(WASHINGTON) — The White House was taken aback Thursday by reports that Egypt’s military government sanctioned the raids of right groups in Cairo and elsewhere, including three U.S.-based organizations.
A spokesman for Egypt’s general prosecutor’s office said the 17 raids on at least 10 nongovernmental organizations (NGOs) was in response to accusations that they were allegedly operating without licenses and had taken foreign money illegally.
But critics contend that the military regime that replaced ousted President Hosni Mubarak is simply trying to exert its authority over independent groups monitoring its activities.
The three U.S.-based entities were Freedom House, the National Democratic Institute and the International Republican Institute.
In Washington, State Department spokeswoman Victoria Nuland said, “This action is inconsistent with the bilateral cooperation we have had over many years.” She added, “We don’t think that this action is justified, and we want to see the harassment end, and we want to see the property returned and the staff allowed to proceed as normal.”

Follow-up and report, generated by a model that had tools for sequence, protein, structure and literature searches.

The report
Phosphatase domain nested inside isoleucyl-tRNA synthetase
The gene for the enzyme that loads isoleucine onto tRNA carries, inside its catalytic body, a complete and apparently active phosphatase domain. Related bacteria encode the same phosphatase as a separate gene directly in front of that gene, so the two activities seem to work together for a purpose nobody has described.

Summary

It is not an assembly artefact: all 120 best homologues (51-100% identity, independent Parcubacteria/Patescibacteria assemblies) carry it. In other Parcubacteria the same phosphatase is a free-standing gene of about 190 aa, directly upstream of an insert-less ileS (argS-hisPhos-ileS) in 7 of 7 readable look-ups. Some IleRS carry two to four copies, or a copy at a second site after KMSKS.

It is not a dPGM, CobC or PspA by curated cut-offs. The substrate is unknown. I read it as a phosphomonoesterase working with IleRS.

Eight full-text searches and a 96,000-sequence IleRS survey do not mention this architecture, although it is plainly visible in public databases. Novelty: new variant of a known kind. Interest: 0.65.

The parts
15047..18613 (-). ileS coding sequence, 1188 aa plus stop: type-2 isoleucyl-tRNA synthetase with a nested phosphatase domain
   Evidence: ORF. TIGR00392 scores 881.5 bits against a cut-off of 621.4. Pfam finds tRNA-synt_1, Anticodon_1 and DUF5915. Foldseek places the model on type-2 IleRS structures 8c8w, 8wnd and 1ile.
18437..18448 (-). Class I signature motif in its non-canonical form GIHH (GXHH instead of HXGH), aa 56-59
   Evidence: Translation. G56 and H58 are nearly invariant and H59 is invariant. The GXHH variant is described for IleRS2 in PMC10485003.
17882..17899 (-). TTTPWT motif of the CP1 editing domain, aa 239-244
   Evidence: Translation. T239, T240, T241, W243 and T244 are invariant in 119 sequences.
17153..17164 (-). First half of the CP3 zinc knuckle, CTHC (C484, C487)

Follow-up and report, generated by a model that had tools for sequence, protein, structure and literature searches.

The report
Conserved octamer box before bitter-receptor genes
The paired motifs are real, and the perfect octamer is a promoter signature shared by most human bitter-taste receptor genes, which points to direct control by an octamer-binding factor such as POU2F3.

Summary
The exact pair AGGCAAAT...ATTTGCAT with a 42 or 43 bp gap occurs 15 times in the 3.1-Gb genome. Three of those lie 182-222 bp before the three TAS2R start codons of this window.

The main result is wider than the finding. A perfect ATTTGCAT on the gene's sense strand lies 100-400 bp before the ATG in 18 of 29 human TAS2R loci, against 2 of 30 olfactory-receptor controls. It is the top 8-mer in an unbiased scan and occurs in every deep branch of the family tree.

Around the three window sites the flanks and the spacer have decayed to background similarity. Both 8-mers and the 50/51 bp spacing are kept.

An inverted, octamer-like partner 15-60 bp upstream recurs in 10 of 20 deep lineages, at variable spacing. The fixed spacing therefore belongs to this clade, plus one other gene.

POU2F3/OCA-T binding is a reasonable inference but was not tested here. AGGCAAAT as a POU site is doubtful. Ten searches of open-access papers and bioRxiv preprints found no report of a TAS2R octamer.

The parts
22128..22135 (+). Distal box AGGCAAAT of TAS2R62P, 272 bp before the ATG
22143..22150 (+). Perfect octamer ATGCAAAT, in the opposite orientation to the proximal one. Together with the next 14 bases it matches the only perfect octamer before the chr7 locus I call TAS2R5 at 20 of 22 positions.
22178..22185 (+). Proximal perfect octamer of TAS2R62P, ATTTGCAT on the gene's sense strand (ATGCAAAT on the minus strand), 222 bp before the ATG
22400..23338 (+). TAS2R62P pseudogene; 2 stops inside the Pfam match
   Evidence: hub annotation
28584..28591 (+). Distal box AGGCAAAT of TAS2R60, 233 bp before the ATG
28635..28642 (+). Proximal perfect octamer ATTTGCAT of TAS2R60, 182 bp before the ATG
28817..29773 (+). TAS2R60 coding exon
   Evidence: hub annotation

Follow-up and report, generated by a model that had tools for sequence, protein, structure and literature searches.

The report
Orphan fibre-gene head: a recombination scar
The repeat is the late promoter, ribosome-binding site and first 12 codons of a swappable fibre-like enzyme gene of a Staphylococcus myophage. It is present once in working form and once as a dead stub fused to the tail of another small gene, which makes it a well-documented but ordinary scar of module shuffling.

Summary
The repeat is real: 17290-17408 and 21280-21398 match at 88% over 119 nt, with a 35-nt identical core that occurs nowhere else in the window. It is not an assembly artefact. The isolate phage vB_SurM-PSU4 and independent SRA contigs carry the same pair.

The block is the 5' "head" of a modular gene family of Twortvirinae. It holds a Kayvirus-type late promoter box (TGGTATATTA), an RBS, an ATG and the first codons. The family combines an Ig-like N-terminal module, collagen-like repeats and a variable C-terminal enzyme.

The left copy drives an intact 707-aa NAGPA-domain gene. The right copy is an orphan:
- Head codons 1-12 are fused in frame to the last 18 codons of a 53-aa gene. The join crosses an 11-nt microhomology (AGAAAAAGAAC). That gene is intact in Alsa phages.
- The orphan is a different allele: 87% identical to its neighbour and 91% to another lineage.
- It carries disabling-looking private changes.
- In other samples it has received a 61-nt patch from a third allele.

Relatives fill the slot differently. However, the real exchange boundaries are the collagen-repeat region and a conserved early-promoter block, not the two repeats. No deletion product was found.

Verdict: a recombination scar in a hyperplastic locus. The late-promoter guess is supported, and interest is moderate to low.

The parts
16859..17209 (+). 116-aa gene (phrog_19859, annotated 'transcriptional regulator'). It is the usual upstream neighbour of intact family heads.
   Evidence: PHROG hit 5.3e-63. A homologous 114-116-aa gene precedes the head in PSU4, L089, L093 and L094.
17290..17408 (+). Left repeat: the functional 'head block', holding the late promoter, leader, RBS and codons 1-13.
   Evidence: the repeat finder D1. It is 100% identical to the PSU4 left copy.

David Kramer, the president of Freedom House, was more critical of the Supreme Council of the Armed Forces — the military chiefs now ruling Egypt — saying, “These actions come in the context of an intensive campaign by the Egyptian government to dismantle civil society through a politically motivated legal campaign aimed at preventing ‘illegal foreign funding’ of civil society operations in Egypt.”
Copyright 2011 ABC News Radio
Madison Park and Steve Almasy, CNN
Dave Gilbert, CNN
Schams Elwazer, Mohammed Tawfeeq and Tim Hume, CNN
Evan McKirdy, Tim Hume and James Masters, CNN